The following is a rejection letter I recently received for a tenure-track position in English literature, which I quote at length to illustrate the current state of the academic job market from the applicant’s perspective:
Dear Christopher Stampone:
Thank you for your interest in employment with [X]. There were many highly qualified applicants who applied for the position of ASSISTANT/ASSOCIATE PROFESSOR 10 MONTHS position and our decision was very difficult. Although your background is impressive, we have selected a candidate whose qualifications most closely match our job requirements. . . . Please accept our best wishes for success in your job search endeavors.
Clearly, the school’s statement about my “impressive background” is disingenuous because the “Search Committee” of the “<department> Department” failed to complete the appropriate spaces in their rejection form. I am quite convinced that they do not really think I am “impressive” since every applicant has an “impressive” background by default. The position went to someone with unspecified “qualifications” that supersede my own. I might ask questions but I doubt “Search Committee” would respond to my queries.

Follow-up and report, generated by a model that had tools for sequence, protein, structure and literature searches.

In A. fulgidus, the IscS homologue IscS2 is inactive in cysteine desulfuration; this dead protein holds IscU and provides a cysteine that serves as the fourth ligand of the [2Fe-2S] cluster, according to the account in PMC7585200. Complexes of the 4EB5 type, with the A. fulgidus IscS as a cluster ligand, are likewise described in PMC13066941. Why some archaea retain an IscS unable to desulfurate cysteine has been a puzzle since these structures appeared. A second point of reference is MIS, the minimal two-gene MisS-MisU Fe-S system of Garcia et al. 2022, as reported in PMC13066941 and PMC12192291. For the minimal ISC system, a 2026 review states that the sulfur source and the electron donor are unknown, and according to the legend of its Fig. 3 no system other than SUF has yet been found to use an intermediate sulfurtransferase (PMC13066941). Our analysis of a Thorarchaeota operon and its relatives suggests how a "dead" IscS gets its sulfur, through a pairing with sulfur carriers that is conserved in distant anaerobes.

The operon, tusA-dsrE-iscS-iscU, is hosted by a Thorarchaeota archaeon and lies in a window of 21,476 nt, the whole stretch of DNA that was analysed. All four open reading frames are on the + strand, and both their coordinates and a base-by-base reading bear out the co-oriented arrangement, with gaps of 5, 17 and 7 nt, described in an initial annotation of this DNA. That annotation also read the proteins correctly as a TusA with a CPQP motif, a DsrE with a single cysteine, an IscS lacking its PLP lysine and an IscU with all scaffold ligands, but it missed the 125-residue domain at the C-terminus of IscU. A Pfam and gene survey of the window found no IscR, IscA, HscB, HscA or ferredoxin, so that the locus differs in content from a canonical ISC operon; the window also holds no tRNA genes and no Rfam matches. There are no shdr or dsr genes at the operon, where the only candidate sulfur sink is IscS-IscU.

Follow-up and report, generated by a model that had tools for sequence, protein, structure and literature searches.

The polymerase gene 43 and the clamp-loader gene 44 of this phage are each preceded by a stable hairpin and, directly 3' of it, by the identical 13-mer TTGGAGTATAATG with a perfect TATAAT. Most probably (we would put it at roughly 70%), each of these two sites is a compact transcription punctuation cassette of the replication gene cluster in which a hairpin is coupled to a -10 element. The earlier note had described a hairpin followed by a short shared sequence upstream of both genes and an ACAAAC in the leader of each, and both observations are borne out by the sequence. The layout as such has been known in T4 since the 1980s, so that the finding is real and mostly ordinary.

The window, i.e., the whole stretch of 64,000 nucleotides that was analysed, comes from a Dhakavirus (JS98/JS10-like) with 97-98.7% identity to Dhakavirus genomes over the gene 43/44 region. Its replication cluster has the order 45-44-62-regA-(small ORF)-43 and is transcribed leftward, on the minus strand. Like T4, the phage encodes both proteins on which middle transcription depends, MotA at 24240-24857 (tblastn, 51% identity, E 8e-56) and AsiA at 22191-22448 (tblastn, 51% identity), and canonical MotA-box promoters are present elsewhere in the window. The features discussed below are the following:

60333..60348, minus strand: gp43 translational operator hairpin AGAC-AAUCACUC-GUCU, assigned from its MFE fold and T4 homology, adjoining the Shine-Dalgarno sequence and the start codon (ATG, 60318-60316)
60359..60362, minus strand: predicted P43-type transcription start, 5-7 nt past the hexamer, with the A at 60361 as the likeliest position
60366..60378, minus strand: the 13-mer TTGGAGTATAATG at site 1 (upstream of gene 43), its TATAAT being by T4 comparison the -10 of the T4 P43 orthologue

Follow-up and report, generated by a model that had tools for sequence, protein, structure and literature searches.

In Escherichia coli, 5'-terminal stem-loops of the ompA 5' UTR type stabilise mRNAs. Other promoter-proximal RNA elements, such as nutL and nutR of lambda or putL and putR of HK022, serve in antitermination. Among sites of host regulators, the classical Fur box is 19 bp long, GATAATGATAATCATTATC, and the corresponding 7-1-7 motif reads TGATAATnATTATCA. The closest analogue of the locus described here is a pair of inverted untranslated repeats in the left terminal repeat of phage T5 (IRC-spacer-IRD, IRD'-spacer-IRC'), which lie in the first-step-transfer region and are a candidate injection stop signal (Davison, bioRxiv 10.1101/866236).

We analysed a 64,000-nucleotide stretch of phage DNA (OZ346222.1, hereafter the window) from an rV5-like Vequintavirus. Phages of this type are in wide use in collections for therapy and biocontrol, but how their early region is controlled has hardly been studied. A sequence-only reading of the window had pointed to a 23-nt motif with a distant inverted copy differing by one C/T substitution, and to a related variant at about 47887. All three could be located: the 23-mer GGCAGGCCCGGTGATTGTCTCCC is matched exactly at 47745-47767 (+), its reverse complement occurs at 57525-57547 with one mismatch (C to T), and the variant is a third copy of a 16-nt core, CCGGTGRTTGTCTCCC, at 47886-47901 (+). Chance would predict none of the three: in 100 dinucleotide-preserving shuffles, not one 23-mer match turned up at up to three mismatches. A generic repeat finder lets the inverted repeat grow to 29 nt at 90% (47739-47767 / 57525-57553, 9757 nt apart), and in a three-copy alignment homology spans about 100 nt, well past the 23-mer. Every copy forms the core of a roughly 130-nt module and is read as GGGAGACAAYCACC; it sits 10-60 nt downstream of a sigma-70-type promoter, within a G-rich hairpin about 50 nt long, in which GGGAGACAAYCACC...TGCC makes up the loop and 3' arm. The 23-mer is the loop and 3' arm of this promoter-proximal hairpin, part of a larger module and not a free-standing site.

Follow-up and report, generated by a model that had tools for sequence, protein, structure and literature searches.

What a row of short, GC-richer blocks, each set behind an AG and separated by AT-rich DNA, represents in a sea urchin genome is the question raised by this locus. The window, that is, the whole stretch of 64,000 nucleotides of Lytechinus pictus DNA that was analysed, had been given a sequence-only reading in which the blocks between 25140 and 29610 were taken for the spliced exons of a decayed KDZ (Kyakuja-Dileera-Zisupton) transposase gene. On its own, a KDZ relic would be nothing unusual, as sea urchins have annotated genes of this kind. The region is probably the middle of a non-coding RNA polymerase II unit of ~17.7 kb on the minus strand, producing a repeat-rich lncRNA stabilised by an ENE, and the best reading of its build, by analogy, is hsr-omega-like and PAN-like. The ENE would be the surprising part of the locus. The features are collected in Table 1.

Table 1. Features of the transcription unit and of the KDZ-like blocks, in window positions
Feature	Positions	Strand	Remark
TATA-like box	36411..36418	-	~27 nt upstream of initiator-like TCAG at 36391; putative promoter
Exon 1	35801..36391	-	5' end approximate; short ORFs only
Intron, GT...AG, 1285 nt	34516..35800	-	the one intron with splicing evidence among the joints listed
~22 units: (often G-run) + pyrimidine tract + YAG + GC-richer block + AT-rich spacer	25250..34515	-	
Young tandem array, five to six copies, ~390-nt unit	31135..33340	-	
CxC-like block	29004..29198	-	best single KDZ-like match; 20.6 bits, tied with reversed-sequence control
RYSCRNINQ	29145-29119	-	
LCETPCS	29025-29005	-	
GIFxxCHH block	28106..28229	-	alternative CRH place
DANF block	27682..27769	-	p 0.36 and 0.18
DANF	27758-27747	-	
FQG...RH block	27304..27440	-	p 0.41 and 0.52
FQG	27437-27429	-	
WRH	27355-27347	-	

Such poorly-written and thoughtless rejection letters—which, as I discovered, are quite common in academia—reveal the reality of the HR-driven job application process. This process is broken—and we need to fix it.